Technology is transforming the way sculpture, architectural elements and many other once-hand-carved items can be created or cloned. Scanners, computer-aided design software and automated milling devices are assisting sculptors and in some cases replacing them, creating detailed pieces from slabs of marble and reverse-engineering complex forms.


The result is the seemingly oxymoronic concept of mass customization, in which infinite copies of infinite variations are possible as long as there is stone to quarry.



But the harnessing of these granite-grinding Xerox machines, able to duplicate just about any sculpture, may also blur the line between what is authentic and what is not. Is such a sculpture art, or merely a computer-aided copy?



In March, for example, using data generated during a monthlong scan of Michelangelo’s David by researchers from Stanford University and the University of Washington, Gentle Giant Studios, a special-effects firm in Burbank, Calif., turned out a small replica of the 17-foot tall statue.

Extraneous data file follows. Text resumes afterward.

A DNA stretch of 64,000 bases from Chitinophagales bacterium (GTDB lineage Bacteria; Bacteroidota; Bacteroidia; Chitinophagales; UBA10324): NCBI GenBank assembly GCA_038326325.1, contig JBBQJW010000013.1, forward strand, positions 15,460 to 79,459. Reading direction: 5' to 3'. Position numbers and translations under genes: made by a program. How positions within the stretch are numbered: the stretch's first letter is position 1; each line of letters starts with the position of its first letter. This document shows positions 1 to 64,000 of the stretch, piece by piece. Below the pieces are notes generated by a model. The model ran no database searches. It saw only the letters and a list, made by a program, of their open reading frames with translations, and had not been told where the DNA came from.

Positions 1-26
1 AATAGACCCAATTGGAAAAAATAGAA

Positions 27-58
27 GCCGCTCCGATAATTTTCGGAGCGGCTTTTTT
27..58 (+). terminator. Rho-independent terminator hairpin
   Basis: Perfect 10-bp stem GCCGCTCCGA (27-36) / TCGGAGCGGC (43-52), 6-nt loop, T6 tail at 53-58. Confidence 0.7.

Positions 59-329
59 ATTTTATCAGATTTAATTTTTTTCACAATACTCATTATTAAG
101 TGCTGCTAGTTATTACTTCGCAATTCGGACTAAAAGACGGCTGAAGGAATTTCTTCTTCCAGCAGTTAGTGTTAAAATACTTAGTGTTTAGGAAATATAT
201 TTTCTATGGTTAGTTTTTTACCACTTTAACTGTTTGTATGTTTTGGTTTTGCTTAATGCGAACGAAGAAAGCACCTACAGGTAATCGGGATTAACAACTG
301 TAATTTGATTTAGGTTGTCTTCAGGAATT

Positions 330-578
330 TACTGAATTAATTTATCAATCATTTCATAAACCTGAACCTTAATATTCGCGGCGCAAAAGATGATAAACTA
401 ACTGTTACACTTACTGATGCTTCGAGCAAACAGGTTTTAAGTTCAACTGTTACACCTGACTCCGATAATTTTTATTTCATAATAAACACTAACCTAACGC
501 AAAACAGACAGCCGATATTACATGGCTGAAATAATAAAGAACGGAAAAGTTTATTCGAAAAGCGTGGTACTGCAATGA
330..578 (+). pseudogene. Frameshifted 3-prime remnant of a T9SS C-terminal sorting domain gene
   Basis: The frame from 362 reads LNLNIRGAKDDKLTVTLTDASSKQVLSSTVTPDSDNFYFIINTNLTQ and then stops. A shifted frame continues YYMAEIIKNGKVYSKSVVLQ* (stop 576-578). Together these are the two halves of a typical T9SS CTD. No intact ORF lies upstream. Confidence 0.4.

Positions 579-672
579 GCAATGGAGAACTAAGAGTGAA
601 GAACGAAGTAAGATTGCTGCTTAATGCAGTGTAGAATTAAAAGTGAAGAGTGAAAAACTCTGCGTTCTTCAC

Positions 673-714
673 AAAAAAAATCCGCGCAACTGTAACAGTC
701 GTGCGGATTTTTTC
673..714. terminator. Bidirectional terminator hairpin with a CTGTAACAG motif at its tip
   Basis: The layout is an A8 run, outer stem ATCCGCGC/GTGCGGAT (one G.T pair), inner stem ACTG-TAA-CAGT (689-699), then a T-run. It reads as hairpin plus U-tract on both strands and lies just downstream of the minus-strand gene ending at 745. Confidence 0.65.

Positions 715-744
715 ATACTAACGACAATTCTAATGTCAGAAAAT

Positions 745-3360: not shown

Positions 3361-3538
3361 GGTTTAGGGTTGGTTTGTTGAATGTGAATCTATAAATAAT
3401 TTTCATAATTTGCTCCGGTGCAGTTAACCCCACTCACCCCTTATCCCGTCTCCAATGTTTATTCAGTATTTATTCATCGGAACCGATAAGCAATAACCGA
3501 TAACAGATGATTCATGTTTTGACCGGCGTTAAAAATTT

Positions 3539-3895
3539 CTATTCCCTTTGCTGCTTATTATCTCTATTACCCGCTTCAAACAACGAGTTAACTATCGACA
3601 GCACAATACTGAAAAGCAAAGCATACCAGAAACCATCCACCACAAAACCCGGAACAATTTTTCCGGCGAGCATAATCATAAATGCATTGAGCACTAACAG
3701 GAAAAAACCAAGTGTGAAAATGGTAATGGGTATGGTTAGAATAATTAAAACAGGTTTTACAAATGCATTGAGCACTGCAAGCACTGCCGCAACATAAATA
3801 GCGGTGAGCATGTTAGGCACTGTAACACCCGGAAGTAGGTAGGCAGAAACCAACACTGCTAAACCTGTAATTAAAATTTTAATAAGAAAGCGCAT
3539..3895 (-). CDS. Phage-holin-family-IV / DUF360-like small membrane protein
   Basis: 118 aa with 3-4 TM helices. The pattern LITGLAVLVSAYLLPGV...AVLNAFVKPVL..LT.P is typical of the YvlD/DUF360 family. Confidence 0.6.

While reasonably faithful copies of David have been created using plaster casts, the 15-inch replica is the most perfect scale model ever created of the masterpiece. Made with permission from Italian officials, it could potentially seed an army of near-identical twins. (A Stanford University Web site says the researchers will indeed sell copies of the model eventually, although Marc Levoy, a computer science professor who oversaw the scanning project, said there were no plans to do so.)



Studio Roc’s goal is not to upset the art world, but to attract architects and contractors who want custom-carved fixtures turned out faster, at a lower price and with more precision than if they were done by an artisan. Mr. Chang, a former architect who describes his company as “on the leading edge of the stone industry,” said, “We just felt it was about time someone really put their head to it and pulled together the three or four or five technologies to make this area of construction up to date.”



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